In contrast, the entire collection of made-up baloney on the unscientific side of the fence is very clear-cut and simple: all human ills are caused by subluxations (chiropractic), energy imbalances (reiki and similar nonsense), toxins (a whole host of bollocks non-therapies), and so on and on; your personality is determined less by a combination of genes and social environment, and more by the random positions of a collection of stars and planets at the time of your birth; and lets not forget the absolute certainty with which people assert the existence of their gods.

Science struggles because it doesn't fit so well into such absolutist frameworks. That's why the ignorant think they have scored a great intellectual victory when they spout such tripe as "remember, the theory of evolution is just a theory". They seem incapable of understanding the power of the scientific position. Scientists don't often say "This is absolutely true". They tend to say "This is the best model that we have developed so far". Idiots take this to mean that the current scientific model is therefore worthless, ignoring the fact that many scientific theories allow incredibly accurate predictions to be made, despite only being our "best approximation to date".

When scientific news is announced in the press, the truth is often lost because the detail gets squished in a black/white framework for which it is ill-suited. Journalists aren't interested in understanding the complexity. They don't want to know the details. They just want to be able to report that a new drug has been developed that will cure cancer, AIDS, obesity, or whatever else they think will sell the paper.

I've been pondering whether there is any way that scientific information can be innoculated so that it can survive exposure to the media without having its core message corrupted. Sadly, new age bullshit and religions all seem capable of surviving such exposure. So how can science be handled so that it becomes immune to corruption by the agendas of those reporting on it?

Tuesday, July 14, 2009


Like many, many people, I just don't get Twitter. Nor do I want to. For the record, I am also not a fan of instant messaging, and tend to turn it off from gmail, Facebook, and other sites where it rears its ugly, unwelcome, interrupting head.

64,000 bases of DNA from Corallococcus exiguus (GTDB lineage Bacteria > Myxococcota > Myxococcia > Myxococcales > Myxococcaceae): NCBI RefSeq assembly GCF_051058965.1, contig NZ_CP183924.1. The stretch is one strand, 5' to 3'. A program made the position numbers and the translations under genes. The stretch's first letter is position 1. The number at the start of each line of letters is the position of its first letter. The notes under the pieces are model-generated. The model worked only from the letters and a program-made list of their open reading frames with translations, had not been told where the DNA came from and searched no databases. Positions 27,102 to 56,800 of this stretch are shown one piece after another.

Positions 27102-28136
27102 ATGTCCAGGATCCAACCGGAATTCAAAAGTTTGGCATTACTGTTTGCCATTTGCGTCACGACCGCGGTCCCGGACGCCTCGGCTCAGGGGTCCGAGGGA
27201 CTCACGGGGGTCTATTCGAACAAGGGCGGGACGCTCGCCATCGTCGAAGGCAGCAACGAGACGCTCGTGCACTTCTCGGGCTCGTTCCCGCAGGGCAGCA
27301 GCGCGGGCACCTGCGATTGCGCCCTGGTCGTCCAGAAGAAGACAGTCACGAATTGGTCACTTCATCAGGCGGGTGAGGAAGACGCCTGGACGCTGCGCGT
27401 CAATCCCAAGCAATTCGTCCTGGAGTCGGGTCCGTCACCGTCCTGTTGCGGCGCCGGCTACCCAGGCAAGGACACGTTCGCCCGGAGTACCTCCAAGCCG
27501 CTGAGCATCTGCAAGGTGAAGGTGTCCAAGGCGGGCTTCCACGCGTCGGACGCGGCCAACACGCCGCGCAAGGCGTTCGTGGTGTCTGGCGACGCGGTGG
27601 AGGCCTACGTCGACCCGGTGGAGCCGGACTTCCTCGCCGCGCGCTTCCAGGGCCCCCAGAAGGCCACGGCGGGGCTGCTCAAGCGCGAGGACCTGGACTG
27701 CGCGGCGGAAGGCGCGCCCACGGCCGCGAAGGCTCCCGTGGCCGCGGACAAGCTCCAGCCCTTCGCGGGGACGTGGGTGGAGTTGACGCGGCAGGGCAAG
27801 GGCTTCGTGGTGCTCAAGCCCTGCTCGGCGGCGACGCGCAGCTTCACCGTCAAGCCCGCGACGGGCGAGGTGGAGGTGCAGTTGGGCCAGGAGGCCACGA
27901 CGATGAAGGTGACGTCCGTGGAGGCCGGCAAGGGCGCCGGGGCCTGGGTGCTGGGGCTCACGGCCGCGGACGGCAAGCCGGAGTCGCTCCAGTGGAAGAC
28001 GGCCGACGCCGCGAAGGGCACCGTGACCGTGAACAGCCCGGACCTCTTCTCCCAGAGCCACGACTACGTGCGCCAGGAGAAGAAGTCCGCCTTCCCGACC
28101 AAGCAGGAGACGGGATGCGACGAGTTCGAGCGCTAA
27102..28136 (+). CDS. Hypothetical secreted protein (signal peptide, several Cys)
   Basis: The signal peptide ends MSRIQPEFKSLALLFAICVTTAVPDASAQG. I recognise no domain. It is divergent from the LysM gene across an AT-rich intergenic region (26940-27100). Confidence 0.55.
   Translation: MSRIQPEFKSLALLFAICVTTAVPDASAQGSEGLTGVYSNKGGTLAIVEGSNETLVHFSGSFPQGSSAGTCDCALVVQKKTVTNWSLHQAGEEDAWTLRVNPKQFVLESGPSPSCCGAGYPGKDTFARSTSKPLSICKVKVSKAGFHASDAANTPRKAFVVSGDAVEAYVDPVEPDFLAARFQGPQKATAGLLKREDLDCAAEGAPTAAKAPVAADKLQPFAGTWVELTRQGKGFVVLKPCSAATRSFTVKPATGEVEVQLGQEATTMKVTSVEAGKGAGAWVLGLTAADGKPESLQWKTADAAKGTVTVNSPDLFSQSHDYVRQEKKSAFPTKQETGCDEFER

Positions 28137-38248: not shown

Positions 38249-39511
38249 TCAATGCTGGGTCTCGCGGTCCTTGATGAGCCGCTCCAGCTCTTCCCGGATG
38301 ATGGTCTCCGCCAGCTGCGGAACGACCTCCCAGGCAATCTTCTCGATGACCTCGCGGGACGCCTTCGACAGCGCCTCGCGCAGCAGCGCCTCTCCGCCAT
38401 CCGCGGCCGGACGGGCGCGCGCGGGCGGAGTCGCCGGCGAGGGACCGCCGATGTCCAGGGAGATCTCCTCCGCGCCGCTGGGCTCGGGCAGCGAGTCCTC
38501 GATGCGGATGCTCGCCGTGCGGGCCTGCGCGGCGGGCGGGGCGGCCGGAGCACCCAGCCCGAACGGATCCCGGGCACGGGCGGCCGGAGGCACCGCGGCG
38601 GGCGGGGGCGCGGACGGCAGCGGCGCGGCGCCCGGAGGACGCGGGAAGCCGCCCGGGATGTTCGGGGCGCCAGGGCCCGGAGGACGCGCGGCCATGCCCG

A few of my chums seem quite taken with Twitter, and there does seem to be an overlap between those who provide too much detail about their daily doings and those who use iPhones. I'm sure these things feed into each other. And some of them seem to have hooked up their twitterings to their Facebook account, meaning that I get that absurd level of detail turning up on my Facebook feed. It's really irritating, and I've resorted to hiding updates from friends who do this.

It got me thinking that the only way this technology is going to be acceptable to me is when it allows some sort of metadata that indicates how important the update is. That way, I can stay in the loop about important things that my friends are up to (e.g. if one of them is doing a show I might want to attend), but don't need to hear the trivial stuff ("going to the toilet", "in the toilet", "wiping" ...)

Of course, there's a lot more overhead involved, because I would have to specify what level of update was acceptable to me, and they would have to set the level each time they posted an update. Would it ever work? Or will we have to wait until the software is clever enough to understand whether a tweet is really significant (my gran has just died - she's gone for ever) or not (my gran has just dyed - she's gone for burnished beech-nut).

Not surprisingly, given the confusion of terms around twitter - tweets, tweetings, twittering - it is very tempting to call those who use it either twits or twats. Not that I ever would, of course.